Nearly one week after the oil spill in the Arava, Prime Minister Benjamin Netanyahu toured the afflicted area and said that at the moment the situation appears to be “under control.”
“Everyone’s big concern,” he said, “is a loss of control [because of] large floods that can take the oil south to Eilat and the Eilat Gulf.
Actions were taken here to prevent that, and up until now they have succeeded.”
Netanyahu was briefed on the situation and said the goals of the clean-up efforts were to preserve public health, to work to minimize the danger of pollution reaching Eilat and to rebuild the nature reserve.
The oil spill occurred last Wednesday close to the town of Be’er Ora, approximately 20 km. north of Eilat, and has badly damaged the Evrona Nature Reserve.
The Eilat Ashkelon Pipeline Company (EAPC) revealed that the spill, caused by a breach during maintenance work, saw 5 million liters of crude oil spill out of the pipeline – much larger than an initial estimate of 1.5 million liters.
The Environmental Protection Ministry said Tuesday that despite the rainfall in the southern Arava region, the crude oil did not flow outside the area that has already been contaminated.
JPOST VIDEOS THAT MIGHT INTEREST YOU:
According to the ministry, crews have been working to build dams and laying out absorbing materials by the drainage openings at the northern point of the Eilat Gulf to prevent the oil from reaching the Red Sea.
“So far, 20,000 tons of contaminated soil and most of the leaked oil have been removed from the Evrona Nature Reserve and other parts of the Arava,” the ministry said.
Despite these best efforts, however, flora and fauna in the region have been harmed. Experts found that 430 acacia trees were damaged.
“Ascertaining the extent of all the damage will take months,” the ministry said.
Among those accompanying Netanyahu was MK Ophir Akunis (Likud), appointed Tuesday as acting environmental protection minister, effectively replacing Amir Peretz who quit last month in protest over the administration’s policies.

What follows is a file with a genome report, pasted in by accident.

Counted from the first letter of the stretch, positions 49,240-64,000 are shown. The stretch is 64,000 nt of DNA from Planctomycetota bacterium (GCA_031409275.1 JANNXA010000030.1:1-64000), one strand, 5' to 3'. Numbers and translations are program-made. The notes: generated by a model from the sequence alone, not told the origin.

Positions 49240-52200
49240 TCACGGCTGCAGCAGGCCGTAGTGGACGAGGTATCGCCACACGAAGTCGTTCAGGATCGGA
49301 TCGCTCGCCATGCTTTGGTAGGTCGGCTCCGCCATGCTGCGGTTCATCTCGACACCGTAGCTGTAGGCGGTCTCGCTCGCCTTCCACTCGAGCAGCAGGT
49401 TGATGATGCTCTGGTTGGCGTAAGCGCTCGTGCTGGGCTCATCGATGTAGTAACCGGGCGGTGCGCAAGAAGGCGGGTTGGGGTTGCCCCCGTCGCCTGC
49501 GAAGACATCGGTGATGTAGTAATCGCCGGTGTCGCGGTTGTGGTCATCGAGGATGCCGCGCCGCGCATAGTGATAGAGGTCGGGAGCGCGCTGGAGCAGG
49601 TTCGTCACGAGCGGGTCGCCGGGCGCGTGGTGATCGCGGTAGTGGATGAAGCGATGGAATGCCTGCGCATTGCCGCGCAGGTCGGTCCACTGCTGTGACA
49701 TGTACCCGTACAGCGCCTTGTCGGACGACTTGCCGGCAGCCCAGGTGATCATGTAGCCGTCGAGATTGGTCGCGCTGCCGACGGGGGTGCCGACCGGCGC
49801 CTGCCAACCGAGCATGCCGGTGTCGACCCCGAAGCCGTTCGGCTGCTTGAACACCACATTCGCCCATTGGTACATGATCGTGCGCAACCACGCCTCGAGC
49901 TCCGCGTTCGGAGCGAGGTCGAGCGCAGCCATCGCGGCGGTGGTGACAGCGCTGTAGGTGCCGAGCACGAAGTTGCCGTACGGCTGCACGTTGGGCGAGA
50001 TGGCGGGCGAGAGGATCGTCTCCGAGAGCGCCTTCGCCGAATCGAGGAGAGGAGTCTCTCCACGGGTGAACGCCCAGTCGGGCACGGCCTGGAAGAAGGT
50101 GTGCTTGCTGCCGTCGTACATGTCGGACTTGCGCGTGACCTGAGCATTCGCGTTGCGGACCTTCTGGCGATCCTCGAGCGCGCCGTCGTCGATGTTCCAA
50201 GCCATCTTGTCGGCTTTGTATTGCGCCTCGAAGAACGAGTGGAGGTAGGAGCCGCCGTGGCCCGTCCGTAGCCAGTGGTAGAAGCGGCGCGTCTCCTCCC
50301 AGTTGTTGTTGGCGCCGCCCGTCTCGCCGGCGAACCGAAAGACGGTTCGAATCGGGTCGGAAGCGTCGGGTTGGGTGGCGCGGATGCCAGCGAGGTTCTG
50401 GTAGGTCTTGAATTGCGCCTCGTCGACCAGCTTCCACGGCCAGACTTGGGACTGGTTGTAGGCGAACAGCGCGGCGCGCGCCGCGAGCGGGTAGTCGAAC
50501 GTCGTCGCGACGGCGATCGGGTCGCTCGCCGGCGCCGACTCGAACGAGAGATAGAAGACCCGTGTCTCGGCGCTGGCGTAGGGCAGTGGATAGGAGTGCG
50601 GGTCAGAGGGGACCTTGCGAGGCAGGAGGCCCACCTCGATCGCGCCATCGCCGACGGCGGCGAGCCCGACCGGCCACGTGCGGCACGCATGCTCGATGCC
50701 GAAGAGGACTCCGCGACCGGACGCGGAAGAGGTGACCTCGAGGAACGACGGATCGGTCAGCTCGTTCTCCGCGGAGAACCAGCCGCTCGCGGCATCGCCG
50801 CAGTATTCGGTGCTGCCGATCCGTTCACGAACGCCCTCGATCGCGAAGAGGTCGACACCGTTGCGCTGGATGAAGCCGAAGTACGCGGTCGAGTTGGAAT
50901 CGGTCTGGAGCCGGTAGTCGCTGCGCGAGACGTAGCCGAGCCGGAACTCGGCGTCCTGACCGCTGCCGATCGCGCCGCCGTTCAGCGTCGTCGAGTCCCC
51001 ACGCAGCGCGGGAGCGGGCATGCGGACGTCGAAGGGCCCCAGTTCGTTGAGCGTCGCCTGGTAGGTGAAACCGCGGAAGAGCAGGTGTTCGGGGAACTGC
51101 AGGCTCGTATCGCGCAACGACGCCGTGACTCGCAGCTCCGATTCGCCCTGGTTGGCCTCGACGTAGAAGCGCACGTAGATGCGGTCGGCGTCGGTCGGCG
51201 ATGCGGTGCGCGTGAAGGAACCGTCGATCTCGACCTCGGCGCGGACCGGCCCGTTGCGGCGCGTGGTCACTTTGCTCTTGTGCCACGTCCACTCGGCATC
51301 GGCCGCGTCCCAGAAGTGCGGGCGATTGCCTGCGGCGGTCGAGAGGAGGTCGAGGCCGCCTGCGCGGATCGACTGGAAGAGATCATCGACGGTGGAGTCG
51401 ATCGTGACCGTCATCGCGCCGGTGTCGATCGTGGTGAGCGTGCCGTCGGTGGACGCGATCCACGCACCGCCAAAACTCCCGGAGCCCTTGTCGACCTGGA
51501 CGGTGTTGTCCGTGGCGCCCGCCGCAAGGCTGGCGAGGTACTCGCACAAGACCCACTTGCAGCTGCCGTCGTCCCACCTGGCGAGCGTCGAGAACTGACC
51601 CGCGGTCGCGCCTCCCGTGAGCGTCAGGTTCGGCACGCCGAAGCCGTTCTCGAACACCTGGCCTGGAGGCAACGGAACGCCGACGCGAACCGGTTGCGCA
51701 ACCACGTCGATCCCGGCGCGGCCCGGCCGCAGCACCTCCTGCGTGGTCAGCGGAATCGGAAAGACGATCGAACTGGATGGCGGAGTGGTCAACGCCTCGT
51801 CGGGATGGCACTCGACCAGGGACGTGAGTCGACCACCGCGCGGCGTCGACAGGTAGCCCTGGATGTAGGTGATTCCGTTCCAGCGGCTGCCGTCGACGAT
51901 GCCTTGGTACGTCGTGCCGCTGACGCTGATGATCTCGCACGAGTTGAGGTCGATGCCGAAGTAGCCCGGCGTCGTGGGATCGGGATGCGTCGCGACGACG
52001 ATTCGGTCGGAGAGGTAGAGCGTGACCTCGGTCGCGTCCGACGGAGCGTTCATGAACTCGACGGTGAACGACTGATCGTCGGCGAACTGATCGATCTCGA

“I intend to be here until we know for sure that two main things have been blocked: First of all, the health risks to local residents and those who live further south, and, of course, everything related to environmental matters,” Akunis said.
“I intend to be here until we know for sure that all the dangers have passed, and we will sit down very soon and examine a series of recommendations that will be submitted to the cabinet so that such events do not recur – this is very important; they must not recur – and in order to do whatever is necessary in the wake of this leak,” he told the prime minister.
The Society for the Protection of Nature in Israel praised the appointment and called on Akunis to jump right into the position and take responsibility for the clean-up.
“Your entry into the position takes place at the height of one of the greatest ecological disasters ever known in Israel, and now it is your responsibility to take care of the heavy pollution and the pollutants, so that a disaster like this will never happen again in the future,” it said.
The organization called on the Knesset Internal Affairs and Environment Committee, headed by MK Miri Regev, to examine the role of EAPC in the spill.
The committee convened on Tuesday to discuss the oil spill and tighter control laws for environmental protection.
“I am giving all the parties involved time to work right now to save the Eilat Gulf, but I will not let go those responsible for this serious failure and I will work to increase supervision in the field,” Regev said at the opening of the meeting.
MK Dov Henin, chairman of the Social-Environmental Lobby, said at the committee hearing that the accident could have been averted.
“We warned, right here in this committee, of a possible oil disaster, and all the things that we warned about ended up occurring. This should never have happened. We will demand explanations and answers and will call all relevant parties to understand what happened and how it happened,” he said.
According to Henin, the administration repeatedly rejected legislation to place more up to date environmental monitoring and enforcement rules in effect.
“The entire issue of EAPC requires much more serious supervision and control,” he said.
Raviv Shapira, deputy director-general of the Israel Nature and Parks Authority, told Army Radio on Tuesday morning that the rehabilitation process of the nature reserve could take years.
“The operation will take at least a year because of the area of the pollution is enormous – fuel ran in all the river courses [that are] six-kilometers long and one-kilometer wide,” he said.
Only in a year’s time will we know what the damage is and only after a “few good years” will we know what will be able to recover, he said.Jeremy Sharon contributed to this report.
Join Jerusalem Post Premium Plus now for just $5 and upgrade your experience with an ads-free website and exclusive content. Click here>>